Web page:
I wish that I could begin this discussion being very serious and spiritual, dispensing words of wisdom and matching Scripture. But when it comes to religious alienation in a family, at least according to my experience with it, the spiritual component is actually secondary to what is really upsetting things. Of course every family is different, but much of the turmoil surrounding religion in a family may connect with a certain lack of emotional honesty or emotional vocabulary.
I wish that I could begin this discussion being very serious and spiritual, dispensing words of wisdom and matching Scripture…
Let me break it down further by considering our hypothetical teenager and her family. Let us say that she has a father who has a very conservative Christian bent and she has been struggling with him and his religious ideologies for much of her life. In this case there are two parties. There is the teenager and there is her father. The teenager yells at her father, she throws things, she slams doors, sometimes she even leaves home without saying where she is going for hours or even days.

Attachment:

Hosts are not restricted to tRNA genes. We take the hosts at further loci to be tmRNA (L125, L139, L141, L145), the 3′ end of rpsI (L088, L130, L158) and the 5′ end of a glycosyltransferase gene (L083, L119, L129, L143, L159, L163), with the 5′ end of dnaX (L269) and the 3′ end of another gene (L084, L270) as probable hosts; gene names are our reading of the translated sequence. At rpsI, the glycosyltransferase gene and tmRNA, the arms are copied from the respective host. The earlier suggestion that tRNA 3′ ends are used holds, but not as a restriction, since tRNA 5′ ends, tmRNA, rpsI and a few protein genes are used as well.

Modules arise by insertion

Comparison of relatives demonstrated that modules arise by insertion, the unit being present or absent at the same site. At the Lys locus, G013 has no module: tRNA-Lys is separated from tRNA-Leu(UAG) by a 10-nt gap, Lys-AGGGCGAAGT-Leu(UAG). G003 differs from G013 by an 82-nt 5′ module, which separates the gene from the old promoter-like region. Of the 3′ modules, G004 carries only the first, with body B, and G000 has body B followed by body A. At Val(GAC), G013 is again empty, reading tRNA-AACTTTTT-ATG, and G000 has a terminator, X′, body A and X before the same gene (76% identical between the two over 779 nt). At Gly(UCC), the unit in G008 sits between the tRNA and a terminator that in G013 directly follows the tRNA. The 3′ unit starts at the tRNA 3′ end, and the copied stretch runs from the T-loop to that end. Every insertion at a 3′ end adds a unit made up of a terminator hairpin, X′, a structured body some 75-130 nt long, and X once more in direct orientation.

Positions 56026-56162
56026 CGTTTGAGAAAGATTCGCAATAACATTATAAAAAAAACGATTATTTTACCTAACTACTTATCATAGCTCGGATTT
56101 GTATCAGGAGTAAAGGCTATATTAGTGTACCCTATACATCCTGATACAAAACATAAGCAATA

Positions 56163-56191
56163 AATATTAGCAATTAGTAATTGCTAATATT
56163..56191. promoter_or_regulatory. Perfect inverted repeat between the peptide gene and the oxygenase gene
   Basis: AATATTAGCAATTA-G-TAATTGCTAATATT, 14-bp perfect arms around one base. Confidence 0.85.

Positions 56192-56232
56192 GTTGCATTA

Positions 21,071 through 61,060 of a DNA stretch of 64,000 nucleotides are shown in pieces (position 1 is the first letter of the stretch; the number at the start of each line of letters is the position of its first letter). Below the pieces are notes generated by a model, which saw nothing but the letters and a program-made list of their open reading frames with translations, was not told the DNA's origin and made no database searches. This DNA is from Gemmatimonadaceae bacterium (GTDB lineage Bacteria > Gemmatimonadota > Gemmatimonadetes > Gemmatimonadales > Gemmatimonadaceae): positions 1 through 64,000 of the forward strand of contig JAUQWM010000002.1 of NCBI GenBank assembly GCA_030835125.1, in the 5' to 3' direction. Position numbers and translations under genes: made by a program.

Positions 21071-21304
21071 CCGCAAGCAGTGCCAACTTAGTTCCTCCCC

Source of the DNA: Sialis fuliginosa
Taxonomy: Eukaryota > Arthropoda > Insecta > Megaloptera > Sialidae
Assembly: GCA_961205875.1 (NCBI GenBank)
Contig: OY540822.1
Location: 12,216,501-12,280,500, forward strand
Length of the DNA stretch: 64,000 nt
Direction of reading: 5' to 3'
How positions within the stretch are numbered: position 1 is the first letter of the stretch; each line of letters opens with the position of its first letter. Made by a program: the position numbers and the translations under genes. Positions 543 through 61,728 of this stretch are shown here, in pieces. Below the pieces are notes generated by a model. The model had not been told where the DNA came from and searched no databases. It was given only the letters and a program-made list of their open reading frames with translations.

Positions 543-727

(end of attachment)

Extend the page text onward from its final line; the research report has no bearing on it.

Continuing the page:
The father also yells, also slams doors, and he is constantly reminding her of his rules and beliefs and of how she has disappointed him. The fact that he is disappointed seems to throw her into a deeper rage and this elicits a new volley of ultimatums from the father. Around and around it all goes. As you can see by my description spirituality and religion are not actually what is driving this whirlwind of father and daughter. They may shout about God or sermons or morals, but those are not the deepest truths of what father and daughter are experiencing in those explosive moments. Getting to the deeper truths becomes the real work.